UN Report Calls for Strengthening of Volunteer-State Cooperation, Africa Records High Volunteer Rates

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Addis Ababa June 6/2022 /ENA/ A United Nations report on volunteerism revealed that there are relatively the highest volunteer rates in Africa and urged cooperation between volunteers and states to resolve development challenges and achieve agendas.

The fourth edition of State of the World’s Volunteerism Report: Building Equal and Inclusive Societies was launched in the presence of Women and Social Affairs Minister, Ergogie Tesfaye,  yesterday.

According to the report, Africa demonstrated the highest volunteer rates – the share of the total working-age population (15 years and over) who volunteered. While other regions displayed monthly volunteer rates of 9 to 10.6 percent, Africa far exceeded this with monthly volunteer rates of 17.5 percent. 

The report drew on case study research in Africa, Arab States, Asia and the Pacific, Europe and the Commonwealth of Independent States, and Latin America and the Caribbean.

The minister said during the launching ceremony that her government is committed to improving volunteerism  in Ethiopia.

“This report presents a new crucial evidence on how volunteer–state partnerships can help build an inclusive culture of collaboration and innovation in the delivery of public services and programs,” she added.

“I am particularly impressed that the report highlighted the relatively high volunteer rates in Africa as compared to other regions of the world.”

Ergogie pointed out that in Ethiopia 21 million volunteers have served 38 million people and that would have costed them 7 billion Birr between 2020 and 2021.

The volunteers were engaged in blood donation, tree seedlings plantation, fight against COVID-19, and other sectors such as agriculture and education.  

To strengthen the volunteer sector in the country, Ergogie stated that the government has embarked on the formulation of a National Volunteerism Policy that provides guiding principles for overall legislation, coordination, and strategic interventions for the volunteer sector in Ethiopia.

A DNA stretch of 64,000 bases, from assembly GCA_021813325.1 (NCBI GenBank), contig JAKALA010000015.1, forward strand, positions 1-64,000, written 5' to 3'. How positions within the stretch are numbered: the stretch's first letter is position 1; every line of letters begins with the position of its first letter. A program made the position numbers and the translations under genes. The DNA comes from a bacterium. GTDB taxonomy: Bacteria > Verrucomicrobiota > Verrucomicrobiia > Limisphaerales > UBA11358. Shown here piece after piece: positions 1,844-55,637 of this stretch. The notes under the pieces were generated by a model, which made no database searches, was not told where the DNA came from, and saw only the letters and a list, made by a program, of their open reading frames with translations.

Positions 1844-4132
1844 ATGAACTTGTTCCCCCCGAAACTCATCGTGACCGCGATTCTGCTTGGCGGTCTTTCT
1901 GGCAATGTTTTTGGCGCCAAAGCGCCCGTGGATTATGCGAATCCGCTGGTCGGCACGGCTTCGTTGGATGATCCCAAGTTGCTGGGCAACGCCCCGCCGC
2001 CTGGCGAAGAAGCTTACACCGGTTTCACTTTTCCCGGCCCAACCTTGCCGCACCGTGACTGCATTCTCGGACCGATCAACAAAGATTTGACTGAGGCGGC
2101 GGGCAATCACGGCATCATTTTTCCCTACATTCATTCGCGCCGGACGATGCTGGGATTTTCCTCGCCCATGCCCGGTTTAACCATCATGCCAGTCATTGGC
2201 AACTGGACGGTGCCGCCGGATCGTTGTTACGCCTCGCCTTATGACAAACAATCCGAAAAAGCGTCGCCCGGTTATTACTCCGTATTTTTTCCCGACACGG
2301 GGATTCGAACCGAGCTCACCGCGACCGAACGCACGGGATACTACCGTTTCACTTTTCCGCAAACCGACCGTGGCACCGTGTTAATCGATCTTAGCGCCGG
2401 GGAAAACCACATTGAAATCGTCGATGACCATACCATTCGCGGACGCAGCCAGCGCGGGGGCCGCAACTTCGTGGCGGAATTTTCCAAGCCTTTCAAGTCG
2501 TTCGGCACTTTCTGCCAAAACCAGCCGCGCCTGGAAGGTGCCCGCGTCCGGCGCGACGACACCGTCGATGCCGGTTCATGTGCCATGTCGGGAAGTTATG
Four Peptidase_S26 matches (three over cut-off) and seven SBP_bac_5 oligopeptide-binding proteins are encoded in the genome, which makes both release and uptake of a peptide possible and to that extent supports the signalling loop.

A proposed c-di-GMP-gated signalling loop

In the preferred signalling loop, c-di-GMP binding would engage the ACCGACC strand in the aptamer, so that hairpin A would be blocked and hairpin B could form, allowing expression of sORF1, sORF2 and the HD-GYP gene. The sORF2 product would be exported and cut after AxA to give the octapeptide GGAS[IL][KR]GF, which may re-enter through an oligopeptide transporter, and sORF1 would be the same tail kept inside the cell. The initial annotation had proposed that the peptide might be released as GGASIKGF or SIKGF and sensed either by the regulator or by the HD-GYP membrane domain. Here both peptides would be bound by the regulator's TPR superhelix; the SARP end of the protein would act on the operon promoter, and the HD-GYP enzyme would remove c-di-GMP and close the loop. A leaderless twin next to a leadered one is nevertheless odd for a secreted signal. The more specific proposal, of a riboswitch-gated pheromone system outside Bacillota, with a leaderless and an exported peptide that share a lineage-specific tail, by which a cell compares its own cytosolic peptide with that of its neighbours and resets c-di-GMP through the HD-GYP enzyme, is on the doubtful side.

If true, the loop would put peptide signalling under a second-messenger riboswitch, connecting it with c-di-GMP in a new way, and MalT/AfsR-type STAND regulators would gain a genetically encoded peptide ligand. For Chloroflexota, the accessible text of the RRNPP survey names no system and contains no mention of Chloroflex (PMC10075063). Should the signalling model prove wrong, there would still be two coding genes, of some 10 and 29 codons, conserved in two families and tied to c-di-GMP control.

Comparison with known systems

UNDP Ethiopia Deputy Resident Representative Cleophas Torori noted that “engaging and integrating volunteers will help to move forward together, allowing us to mitigate future challenges and sustain our resilience as a human collective.”  

According to him, Africa is facing some daunting challenges to achieve agenda 2030 despite many progresses and UNDP is working with African countries to mitigate the challenges through cooperation framework.

In this regard, there is a need to strengthen volunteerism and partnership with states, Torori added.

“In Ethiopia, we are currently implementing the United Nations Sustainable Development Cooperation Framework 2020–2025 that translates these global ideals into local contexts. To respond to the national priorities in Ethiopia, the UN Cooperation Framework in Ethiopia focuses on supporting and tapping into the demographic opportunity in Ethiopia, creating inclusive governance spaces, accelerating economic transformation and strengthening community resilience.”

UNV-East and Southern Africa Regional Manager, Lucy Ndungu said “this fourth report shows that the ways in which volunteers and state authorities interact, collaborate, and partner are vital for the achievement of the 2030 Agenda for Sustainable Development and the Sustainable Development Goals.”

She added that “the findings of the report provide critical information for policy makers to ensure we ‘leave no one behind’ in our quest for development, particularly following the devastating impacts of the COVID-19 pandemic and the inequalities in the region and the world.”